Retreat as a goal

In discussing two wars which our military is fighting, Obama emphasized that in Afghanistan, "in July of 2011 our troops can begin to come home," and in Iraq, "all of our troops are coming home." To this president, retreat is not only a strategy, but it appears to be our goal. There was neither mention of victory nor of building democracy. Obama is advertising to the terrorists: Content yourself with hit-and-run attacks because the Americans will soon be gone. Obama did not tell us how he will protect Americans from accelerating homefront terrorism, a subject he preferred to avoid after the blunder of Mirandizing the Christmas bomber before effective interrogation. Obama should be made to pay for his myopia about Islamic terrorism by the Senate's denying him the funds to bring the Guantánamo prisoners to our mainland and to try Khalid Sheikh Mohamed in New York. (NOTE: This was written before the announcement that Obama is reconsidering trying KSM in New York; is Obama accessing our columns before they are published?)

Another dysfunction in Obama's world view is that he harbors contempt for leaders of two democracies which are vitally engaged in defense against terrorism. One is Britain, whose forces have sustained substantial casualties in Iraq and Afghanistan while facing domestic terrorism from native-born Muslims. The other is Israel, which Obama could not mention because his missteps made him the only president who prevented Israelis and Palestinians from talking to each other. Thus, Obama gives us the novelty of a foreign policy address which mentions neither of these two allies.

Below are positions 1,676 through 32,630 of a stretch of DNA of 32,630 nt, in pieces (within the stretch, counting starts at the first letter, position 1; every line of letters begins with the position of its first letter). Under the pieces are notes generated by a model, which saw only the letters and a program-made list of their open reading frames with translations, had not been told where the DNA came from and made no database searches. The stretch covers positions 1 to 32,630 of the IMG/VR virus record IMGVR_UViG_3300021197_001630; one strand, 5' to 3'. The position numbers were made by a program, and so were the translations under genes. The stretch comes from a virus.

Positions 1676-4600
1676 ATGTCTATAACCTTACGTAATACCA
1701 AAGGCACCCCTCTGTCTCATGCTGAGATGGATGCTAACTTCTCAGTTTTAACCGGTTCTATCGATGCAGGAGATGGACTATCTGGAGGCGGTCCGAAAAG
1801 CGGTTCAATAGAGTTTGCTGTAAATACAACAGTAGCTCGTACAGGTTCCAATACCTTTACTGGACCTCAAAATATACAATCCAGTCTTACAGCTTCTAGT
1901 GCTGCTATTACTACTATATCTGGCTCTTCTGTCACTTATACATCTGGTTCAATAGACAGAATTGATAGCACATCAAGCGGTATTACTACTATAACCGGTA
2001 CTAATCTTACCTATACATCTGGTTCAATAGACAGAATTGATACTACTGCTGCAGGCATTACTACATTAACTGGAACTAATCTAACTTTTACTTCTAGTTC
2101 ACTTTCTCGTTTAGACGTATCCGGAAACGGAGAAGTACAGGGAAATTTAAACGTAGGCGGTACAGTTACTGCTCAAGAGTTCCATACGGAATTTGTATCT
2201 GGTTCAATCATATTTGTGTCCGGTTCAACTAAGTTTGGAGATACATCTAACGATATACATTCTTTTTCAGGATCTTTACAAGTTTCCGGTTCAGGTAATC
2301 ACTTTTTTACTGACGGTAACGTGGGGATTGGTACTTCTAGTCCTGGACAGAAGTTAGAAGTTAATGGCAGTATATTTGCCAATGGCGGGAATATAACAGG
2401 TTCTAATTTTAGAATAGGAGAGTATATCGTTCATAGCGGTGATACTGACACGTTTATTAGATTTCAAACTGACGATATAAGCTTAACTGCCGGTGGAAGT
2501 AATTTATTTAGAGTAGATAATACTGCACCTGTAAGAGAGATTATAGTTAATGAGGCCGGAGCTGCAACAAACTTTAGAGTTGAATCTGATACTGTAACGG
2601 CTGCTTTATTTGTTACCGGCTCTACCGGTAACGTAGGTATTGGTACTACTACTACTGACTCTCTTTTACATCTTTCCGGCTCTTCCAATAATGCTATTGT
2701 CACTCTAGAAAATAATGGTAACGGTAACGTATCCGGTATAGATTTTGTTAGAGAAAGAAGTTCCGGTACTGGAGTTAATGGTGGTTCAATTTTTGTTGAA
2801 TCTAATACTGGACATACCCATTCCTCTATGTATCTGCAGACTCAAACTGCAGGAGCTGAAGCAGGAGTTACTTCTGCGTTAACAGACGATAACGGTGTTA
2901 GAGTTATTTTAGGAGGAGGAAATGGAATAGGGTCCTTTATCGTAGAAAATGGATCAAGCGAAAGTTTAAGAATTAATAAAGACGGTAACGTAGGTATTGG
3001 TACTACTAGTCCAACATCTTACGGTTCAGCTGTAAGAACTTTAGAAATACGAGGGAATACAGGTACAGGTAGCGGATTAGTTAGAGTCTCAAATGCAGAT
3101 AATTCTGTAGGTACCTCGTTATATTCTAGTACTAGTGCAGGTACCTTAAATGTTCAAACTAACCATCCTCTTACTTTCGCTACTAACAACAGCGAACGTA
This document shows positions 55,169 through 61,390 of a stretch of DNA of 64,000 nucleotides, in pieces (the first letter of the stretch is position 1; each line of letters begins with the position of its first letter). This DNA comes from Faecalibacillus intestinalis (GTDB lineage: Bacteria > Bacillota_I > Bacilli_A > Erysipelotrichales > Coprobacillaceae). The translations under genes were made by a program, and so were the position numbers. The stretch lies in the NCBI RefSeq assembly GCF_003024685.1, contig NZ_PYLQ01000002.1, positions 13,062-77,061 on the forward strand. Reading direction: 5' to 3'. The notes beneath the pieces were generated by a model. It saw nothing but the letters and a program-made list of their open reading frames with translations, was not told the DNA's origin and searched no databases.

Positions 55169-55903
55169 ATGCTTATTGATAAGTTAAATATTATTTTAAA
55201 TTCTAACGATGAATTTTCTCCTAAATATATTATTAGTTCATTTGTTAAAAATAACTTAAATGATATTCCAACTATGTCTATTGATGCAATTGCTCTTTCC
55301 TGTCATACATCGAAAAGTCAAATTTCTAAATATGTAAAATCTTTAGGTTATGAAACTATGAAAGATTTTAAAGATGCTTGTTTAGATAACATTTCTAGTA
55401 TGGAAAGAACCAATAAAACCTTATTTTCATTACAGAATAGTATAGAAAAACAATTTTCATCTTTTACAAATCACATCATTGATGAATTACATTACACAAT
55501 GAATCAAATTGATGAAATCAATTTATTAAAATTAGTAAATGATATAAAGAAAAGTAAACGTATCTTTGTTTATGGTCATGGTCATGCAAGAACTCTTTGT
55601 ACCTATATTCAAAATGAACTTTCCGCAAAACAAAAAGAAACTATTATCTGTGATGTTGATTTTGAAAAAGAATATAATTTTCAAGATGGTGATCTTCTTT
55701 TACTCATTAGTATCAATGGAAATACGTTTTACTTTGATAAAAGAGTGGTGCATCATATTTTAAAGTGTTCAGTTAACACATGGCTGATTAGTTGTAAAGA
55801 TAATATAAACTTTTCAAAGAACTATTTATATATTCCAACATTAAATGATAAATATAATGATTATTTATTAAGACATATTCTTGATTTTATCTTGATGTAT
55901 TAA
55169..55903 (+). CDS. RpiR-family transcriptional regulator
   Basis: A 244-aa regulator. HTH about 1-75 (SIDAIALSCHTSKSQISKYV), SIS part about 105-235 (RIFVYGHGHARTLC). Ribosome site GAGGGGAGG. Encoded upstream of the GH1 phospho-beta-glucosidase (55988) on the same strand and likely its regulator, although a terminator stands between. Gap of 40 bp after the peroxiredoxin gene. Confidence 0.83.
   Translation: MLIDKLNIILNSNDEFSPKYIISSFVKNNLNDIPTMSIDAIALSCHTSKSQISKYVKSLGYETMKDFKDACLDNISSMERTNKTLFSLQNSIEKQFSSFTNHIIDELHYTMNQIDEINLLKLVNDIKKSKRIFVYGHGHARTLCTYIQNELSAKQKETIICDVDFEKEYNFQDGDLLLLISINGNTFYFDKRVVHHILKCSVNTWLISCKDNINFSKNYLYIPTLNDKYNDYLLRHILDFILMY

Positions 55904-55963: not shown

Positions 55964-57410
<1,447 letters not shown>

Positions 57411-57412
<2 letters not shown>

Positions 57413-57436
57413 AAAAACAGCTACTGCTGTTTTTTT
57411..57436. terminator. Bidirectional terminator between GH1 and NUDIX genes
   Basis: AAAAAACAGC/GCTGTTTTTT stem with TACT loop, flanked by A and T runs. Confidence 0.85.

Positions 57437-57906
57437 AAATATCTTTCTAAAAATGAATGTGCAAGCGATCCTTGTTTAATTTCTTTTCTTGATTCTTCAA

The world takes a second look at Obama

Make no mistake. A world which greeted the Obama presidency with hope is waking up to the reality that what passes for his foreign policy is scandalous. A salient example is the peroration in the London Telegraph column of Nile Gardiner, a Washington-based foreign policy analyst who appears on CNN, BBC and NPR: 

For the hundreds of millions of people across the world, from Burma to Sudan to Zimbabwe, clamoring to be free of oppression, there was not a shred of hope offered in Barack Obama's address. Obama's world leadership in his first year in office has been weak-kneed and little short of disastrous. He has sacrificed the projection of American power upon the altar of political vanity, with empty speeches and groveling apologies across the world, from Strasbourg to Cairo. He has appeased some of America's worst enemies, and extended the hand of friendship to many of the most odious regimes on the face of the earth. Judging by the State of the Union address, we can expect more of the same from an American president who seems determined to lead the world's greatest power along a path of decline.

We should be grateful that Obama kept this part of his speech brief and thus did not inflict greater damage on  hope for coherent American foreign policy, which leads the world by aligning with like-minded countries to build democracy and combat terrorism.
Iranian President Ahmadinejad must have had a good laugh when he read the scant foreign policy section of President Obama's State of the Union speech. How did Obama face Iranian efforts to produce nuclear weapons? Referring to negotiations seeking to reduce American and Russian nuclear arsenals, Obama said: